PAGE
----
After a while, we moved on to Round Three. Here, we trolled. You take two big rods, put them in holders at the back of the boat, and tow a couple hundred feet of line behind you with big lures at the end. When you land something, you strap yourself in and reel in the fish.

I must say, this was pretty cool.

You take turns letting the line out and catching whatever you hook. We caught enough fish doing this that everyone had a chance, or several chances really. My chance came fairly early on, and I dragged in the biggest catch of the day, a 36" Striped Bass (Striper). This fish was a good 6
inches longer than anything anybody else caught, and it went a long way towards keeping me credible even as I spent more and more time sitting on a cooler and wishing my seasickness would go away.

Reeling in the fish was more fun than you'd think. It's a continuous strain on your muscles, six guys are cheering you on, and it's hard. At the end, you pull your fish aboard, and everyone oohs and aahs over what you've done. And then they measure it and keep it if it's legal, and you're back at square one.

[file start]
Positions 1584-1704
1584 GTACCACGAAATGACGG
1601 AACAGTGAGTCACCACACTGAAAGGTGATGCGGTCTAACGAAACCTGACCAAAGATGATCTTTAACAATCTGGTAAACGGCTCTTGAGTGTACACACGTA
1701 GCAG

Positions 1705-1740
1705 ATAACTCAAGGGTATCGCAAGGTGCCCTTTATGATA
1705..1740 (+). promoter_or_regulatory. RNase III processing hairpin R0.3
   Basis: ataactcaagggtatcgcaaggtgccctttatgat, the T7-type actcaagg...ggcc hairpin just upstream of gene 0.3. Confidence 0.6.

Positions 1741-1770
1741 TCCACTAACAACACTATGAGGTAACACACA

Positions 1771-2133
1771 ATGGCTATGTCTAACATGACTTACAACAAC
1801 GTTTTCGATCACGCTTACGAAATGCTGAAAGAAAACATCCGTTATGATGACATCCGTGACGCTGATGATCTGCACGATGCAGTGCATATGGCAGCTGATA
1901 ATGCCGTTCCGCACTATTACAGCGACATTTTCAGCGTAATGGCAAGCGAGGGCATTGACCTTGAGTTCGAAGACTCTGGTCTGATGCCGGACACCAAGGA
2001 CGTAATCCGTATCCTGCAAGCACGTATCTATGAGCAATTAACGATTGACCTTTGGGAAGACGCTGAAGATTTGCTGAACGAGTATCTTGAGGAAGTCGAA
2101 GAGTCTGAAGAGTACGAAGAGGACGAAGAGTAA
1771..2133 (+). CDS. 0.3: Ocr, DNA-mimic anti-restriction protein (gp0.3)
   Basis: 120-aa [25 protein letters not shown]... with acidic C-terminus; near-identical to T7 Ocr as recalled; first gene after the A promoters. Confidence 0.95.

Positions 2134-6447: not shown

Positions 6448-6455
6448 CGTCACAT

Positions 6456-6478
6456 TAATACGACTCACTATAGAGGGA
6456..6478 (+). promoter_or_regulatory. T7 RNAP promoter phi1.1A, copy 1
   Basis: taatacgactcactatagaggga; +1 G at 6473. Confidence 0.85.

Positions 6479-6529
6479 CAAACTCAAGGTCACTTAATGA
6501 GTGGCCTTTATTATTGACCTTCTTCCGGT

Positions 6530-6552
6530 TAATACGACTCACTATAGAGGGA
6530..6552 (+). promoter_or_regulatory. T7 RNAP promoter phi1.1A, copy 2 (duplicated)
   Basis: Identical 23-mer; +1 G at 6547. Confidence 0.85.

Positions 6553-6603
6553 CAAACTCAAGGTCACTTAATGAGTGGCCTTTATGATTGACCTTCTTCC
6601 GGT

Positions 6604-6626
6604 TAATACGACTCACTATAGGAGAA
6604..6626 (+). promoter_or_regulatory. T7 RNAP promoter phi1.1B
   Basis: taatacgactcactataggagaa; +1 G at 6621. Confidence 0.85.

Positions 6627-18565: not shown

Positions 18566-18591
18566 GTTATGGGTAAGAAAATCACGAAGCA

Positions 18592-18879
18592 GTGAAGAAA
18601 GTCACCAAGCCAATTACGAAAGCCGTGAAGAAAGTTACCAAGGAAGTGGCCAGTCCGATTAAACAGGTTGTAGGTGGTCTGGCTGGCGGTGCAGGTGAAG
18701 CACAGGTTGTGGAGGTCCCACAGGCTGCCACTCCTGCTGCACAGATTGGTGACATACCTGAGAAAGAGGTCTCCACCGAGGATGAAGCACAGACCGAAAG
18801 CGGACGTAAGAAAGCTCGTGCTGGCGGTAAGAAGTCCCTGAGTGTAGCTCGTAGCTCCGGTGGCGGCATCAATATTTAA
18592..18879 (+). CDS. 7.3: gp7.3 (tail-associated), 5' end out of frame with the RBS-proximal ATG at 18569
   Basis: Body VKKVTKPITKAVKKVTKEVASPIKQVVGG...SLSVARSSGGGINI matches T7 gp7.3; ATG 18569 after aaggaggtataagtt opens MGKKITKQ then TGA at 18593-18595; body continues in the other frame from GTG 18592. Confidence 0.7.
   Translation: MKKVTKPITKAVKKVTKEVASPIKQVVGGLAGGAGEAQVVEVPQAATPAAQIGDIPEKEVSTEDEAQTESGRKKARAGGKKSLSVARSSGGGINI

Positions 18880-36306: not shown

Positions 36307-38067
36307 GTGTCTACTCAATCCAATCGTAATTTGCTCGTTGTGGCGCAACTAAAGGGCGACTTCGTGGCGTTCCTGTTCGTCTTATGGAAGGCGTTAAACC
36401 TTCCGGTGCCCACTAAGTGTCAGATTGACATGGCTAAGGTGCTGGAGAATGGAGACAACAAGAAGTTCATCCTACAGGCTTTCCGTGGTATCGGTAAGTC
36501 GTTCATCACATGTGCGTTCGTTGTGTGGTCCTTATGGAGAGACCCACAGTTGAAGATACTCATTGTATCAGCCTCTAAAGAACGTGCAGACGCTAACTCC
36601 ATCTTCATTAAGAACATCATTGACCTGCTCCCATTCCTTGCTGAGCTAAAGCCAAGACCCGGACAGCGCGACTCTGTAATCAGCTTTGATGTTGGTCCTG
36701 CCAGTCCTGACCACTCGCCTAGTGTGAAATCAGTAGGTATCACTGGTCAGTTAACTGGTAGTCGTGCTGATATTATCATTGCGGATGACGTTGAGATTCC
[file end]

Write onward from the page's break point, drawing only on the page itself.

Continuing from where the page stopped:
As a plus, the boat is moving the whole time, which really helps with my motion sickness. But eventually the seas got too rough and we went back to Jigging. I didn't even bother to fish this time, instead quietly cheering on everyone else who was reeling them in. After six hours at sea, we headed back in, exhausted, dirty, but satisfied. To be honest, I was ready to quit after 3 hours, but hey, we got our money's worth.

In the end, my brother-in-law caught the most fish (8) and I caught the biggest. Not bad. Our captain came ashore with us and fileted the fish in front of us so we could split up the meat easily. As someone who doesn't really enjoy eating fish, I donated my monster filets to Jess's dad and brother. I hope they enjoy them. Here's our cooler at the end (mine is the one on top).

The ride home was long and fraught with peril. We got stuck in a 45 minute traffic jam due to what had to be a fatal accident; that car was crushed. We also had a tire spring a leak, which the manly men of course had to repair immediately (surely a good idea, but at this point I was hungry and exhausted). We got back to Springfield around 6, were back on the road home by 7, and I was showered and back in bed before 9.

Was it worth it? Definitely. Jess's dad had a great time, and I even had some fun. Would I do it again?

Nah. Not really :).